General Information Index
Authors and Articles Allard, Yoshimi. (1997). Significance of Output in Language Acquistion.12(1 & 2), p. 17. Allsopp, Jeanette. (1995). Foreign Language Methodology in the Carribean: A Historical Survey. 11(1 & 2), p. 13. Antokhin, Natalia. (2000). Error Treatment: Does It Help in Second Language Acquisition? 14(1 & 2), p. 7. Arellano, Albert. (1992). Increasing Motivation by Peer Tutoring. 8(1 & 2), p. 77. Arellano, Albert. (1991). Individual Coaching for Language Proficiency. 7(1), p. 55. Asher, James. (1994). Imagination in Second Language Acquisition. 10(1), p. 19. Atwell, Sabine. (1994). Teaching Listening: Lessons Drawn from Classroom Observation. 10(1), p. 59. Barnwell, David. (1992). Foreign Language Teaching and Testing During World War II. 8(1 & 2), p. 23. Blackburn, James. (1995). Teaching Aspect in Beginning French Courses. 11(1 & 2), p. 33. Blackburn, James. (1999). Instructional Value of Voice in Elementary French. 13(1 & 2), p. 45. Boussalhi, Abdelfattah, Cambacau, Pamela, & Ortenberg, Maria. (2004). Developing Materials for Gloss: Principles, Content, and Instructional Technology. 16(1 & 2). p. 25. Boussalhi, Abdelfattah & Ortenberg, Maria. (2007). Toward an Integrated Approach to the Development of Interactive Listening Lessons. 18(1 & 2), p. 27. Boyadjieff, Kiril. (1995). Lessons Learned on Management of CAS Development. 11(1 & 2), p. 49. Boyadjieff, Kiril. (1997). Applicability of Digital Video to Computerized Language Learning. 12(1 & 2), p. 25. Boyadjieff, Kiril. (2005). Learning Management Systems Conference. 17(1 & 2), p.35. Bueler, William. (1987). Trivial Pursuit as a Language-Learning Game. 4(2), p. 47. Byrnes, Heidi. (1987). Teaching Reading in the Foreign Language Classroom. 4(2), p. 23. Campbell, Christine & Tovar, Deanna. (2007). Foreign Language Teaching Methodology at DLI: 1985 to Present. 18(1 & 2), p. 69. Cicekdag, Mehmet Ali. (1995). Information-Gap Activities. 11(1 & 2), p. 59. Cicekdag, Mehmet Ali. (1987). Cultural Distance and the Foreign Language Teaching/ Learning Process. 4(1), p. 15. Cobb, Marina. (2004). Input Elaboration in Second and Foreign Language Acquisition. 16(1 & 2). p. 13. Cobb, Marina. (2004). The Role of Aptitude in Foreign Language Learning. 18(1 & 2), p. 49. Cole, Charles. (1991). Helping Students Cope with Supplemental Materials: The Design and Use of Learner Notebooks. 7(1), p. 52. Cole, Charles. (1989). Error Treatment in the Adult Foreign Language Classroom. 5(1), p. 43. Cucalón, Raul. (1992). Code-Switching and Its Role in the Chicano Population. 8(1 & 2), p. 55. de Barros, Rene. (1987). Teaching Without Texts. 4(2), p. 43. Dudney, Grazyna M. (2000). Supervisory Class Observation as a Teacher Development Tool. 14(1 & 2), p. 17. 55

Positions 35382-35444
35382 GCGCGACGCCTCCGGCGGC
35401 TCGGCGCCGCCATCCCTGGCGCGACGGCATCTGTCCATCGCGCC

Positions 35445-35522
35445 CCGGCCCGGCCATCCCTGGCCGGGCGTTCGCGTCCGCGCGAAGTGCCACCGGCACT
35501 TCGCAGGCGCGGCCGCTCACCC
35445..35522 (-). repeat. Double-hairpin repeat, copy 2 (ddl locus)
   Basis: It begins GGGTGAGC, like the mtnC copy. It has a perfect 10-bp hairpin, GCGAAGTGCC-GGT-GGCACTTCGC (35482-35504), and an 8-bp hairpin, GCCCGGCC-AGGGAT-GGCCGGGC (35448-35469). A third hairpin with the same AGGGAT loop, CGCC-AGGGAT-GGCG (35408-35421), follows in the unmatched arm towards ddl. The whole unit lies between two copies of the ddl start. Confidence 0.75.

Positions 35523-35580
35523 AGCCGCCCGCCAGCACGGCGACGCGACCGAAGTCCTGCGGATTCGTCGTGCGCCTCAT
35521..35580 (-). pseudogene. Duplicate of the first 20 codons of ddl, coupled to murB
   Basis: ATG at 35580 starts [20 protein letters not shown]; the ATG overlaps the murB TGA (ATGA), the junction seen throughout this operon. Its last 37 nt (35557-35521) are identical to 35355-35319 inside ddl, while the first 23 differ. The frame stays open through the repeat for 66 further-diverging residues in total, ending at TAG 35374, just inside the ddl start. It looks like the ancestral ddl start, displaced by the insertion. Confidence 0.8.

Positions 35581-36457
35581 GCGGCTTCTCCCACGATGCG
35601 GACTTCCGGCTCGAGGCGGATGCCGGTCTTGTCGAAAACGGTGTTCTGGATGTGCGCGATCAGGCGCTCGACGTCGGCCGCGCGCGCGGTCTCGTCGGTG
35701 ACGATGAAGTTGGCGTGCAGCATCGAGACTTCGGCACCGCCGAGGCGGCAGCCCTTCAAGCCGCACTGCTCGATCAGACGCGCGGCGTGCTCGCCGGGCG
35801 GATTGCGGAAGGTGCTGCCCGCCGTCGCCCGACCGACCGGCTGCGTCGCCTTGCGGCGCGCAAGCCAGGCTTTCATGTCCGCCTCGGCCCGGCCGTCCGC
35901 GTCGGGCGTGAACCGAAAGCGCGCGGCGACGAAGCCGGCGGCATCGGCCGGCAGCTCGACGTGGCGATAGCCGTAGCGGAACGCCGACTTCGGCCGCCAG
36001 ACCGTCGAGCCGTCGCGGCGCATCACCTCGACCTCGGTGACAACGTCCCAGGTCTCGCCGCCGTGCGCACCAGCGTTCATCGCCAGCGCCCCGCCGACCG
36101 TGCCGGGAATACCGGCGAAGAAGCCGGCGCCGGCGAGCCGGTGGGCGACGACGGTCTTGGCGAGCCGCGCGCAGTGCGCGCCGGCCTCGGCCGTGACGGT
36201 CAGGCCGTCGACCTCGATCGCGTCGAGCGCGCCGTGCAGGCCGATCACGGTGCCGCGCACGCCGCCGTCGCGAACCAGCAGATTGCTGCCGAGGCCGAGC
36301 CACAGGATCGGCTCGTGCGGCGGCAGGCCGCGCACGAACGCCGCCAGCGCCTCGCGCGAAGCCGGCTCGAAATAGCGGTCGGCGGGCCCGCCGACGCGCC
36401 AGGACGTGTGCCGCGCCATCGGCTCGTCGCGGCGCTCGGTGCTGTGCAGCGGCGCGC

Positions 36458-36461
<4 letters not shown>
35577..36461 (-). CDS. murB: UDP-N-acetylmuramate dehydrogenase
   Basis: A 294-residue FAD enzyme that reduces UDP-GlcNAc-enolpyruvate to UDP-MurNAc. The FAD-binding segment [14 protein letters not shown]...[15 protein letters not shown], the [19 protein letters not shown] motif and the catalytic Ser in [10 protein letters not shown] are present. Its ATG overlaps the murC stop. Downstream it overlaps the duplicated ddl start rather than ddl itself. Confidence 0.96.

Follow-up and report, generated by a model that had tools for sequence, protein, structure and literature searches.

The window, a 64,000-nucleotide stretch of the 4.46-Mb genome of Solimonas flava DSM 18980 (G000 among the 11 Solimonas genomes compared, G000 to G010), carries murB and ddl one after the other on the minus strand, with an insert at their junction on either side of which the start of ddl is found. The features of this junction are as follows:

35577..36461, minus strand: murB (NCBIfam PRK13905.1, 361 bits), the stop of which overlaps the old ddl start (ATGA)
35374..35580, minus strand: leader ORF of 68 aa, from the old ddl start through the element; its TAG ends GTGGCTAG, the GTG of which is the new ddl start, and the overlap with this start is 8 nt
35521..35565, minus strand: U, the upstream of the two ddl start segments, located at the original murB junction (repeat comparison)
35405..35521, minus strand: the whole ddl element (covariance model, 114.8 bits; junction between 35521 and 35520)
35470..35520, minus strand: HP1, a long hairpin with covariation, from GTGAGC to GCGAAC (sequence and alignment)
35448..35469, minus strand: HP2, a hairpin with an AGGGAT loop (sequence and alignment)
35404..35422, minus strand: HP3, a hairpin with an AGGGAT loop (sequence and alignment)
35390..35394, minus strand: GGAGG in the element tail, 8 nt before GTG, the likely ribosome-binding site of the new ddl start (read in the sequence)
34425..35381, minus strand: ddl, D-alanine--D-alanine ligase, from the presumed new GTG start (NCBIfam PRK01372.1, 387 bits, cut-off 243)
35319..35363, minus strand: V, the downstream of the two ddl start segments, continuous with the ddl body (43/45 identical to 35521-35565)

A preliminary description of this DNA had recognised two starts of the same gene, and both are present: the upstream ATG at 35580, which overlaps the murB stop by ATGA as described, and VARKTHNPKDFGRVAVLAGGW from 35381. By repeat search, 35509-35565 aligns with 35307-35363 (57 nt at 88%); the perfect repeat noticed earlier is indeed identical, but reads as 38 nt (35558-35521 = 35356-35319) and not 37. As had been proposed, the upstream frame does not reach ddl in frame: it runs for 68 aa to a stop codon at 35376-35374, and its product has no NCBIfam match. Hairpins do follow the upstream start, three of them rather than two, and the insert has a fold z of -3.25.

Dialog on Language Instruction Dudney, Grazyna M. (1990). Sound Stories. 6(1 & 2), p. 102. Dudney, Grazyna M. (1989). Communicative Vocabulary Review. 5(1), p. 66. Dutertre, Ayca. (1999). Officers and Enlisted Personnel Success in Foreign Language Learning in DLIFLC’s 25-Week Spanish Basic Program. 13(1 & 2), p. 117. Eighannan, Alaa. (2004). Putting Principles of Interactive Language Teaching Into Your Classroom Practice. 16(1 & 2). p. 67. El-Barouki, Foazi. (2000). Arabic as a Foreign language in the New Millennium: Integrating language and Culture Through the Comprehension of Idioms. 14(1 & 2), p. 23. El-Barouki, Foazi. (1997). How Arab Émigré Writers in America Kept Their Cultural Roots. 12(1 & 2), p. 31. Elghannam, Alaa. (1997). Peer Observation: Concepts and Practices. 12(1 & 2), p. 41. El-Nady, Mamdouh. (2000). Drama as a Teaching Technique in the Second Language Classroom. 14(1 & 2), p. 41. El-Nady, Mamdouh. (1994). Teaching Culture through Language Analysis: Use of Pronouns in the Egyptian Dialect. 10(1), p. 69. Erdener, Yildiray. (1987). Communicating with More Than Words. 4(1), p. 31. Esfahani, Abolghasem Soheili. (2005). A Communicative Way of Teaching Structure: The Case of the Pro-drop Feature in Persian/Farsi. 17(1 & 2), p.17. Fakhhouri, Grace. (2004). Interaction in Group Work: Can It Enhance FL Acquisition? 16(1 & 2). p. 1. Fay-Magiera, Patricia. (2007). Notes from an OPI Tester Trainer to DLIFLC Instructors Why Can’t They Describe? 18(1 & 2) p. 77 Feghali, Maksoud. (1989). Interactive Video Authoring in Teaching Foreign Languages. 5(1), p. 68. Ferguson, Umit. (2005). Improving Proficiency Through Learner-Centered Instruction. 17(1&), p. 1. Ford, Maria. (1995). The Power of Politeness around the World. 11(1 & 2), p. 1. Fox, Lisette. (1999). Reflections on Culture. 13(1 & 2), p. 89. Freeman, Valentina; Krasnyanskaya, Elena and Reed, Wesley. (2007). Russian Arms Control Speaking Proficiency Course in Defense Threat Reduction Agency. 18(1 & 2) p. 15. Gale, Roderic. (1997). Computer Roles in Language Teaching and Learning: Let the Dialog Expand–Robustly! 12(1 & 2), p. 1. Garrett, Nina. (1987). The Problem with Grammar: What Kind Can the Language Learner Use? 4(1), p. 79. Goroshko, Natalia. (1993). Four-Handed Instruction. 9(1), p. 49. Gryminska, Teresa. (2007). Pre-Interpretation Strategies in the Foreign Language Classroom and on-Line. 18(1 & 2), p. 57 Iaremenko, Grigori. (2004). Conditionally Communicative Exercises. 16(1 & 2). p. 41. Ibrahim, Hussny. (2007). The RAP Project: Using Technology to Reach AdvancedLevel Proficiency in Foreign Language Learning. 18(1 & 2) p. 1 Kaneda, Yoshiko. (1999). An Experiment in Listening Material: Is Packaging More Important Than Its Content? 13(1 & 2), p. 131. Khoshaba, Matti Philliops. (2004). The Integrative Test of Arabic (IAT). 16(1 & 2) p. 53. Konderski, Stefan. (1990). “Eavesdropping” in Foreign Language Instruction. 6(1 & 2), p. 105. Koppany, Steven. (1995). Computers and the Foreign Language Curriculum: Old Questions, New Horizons. 11(1 & 2), p. 55. Koppany, Steve. (2005). Learning Management Systems Conference. 17(1 & 2), p.35. Kordecki, Ann. (1989). Dealing with Underachievers in a Classroom. 5(1), p. 63. 56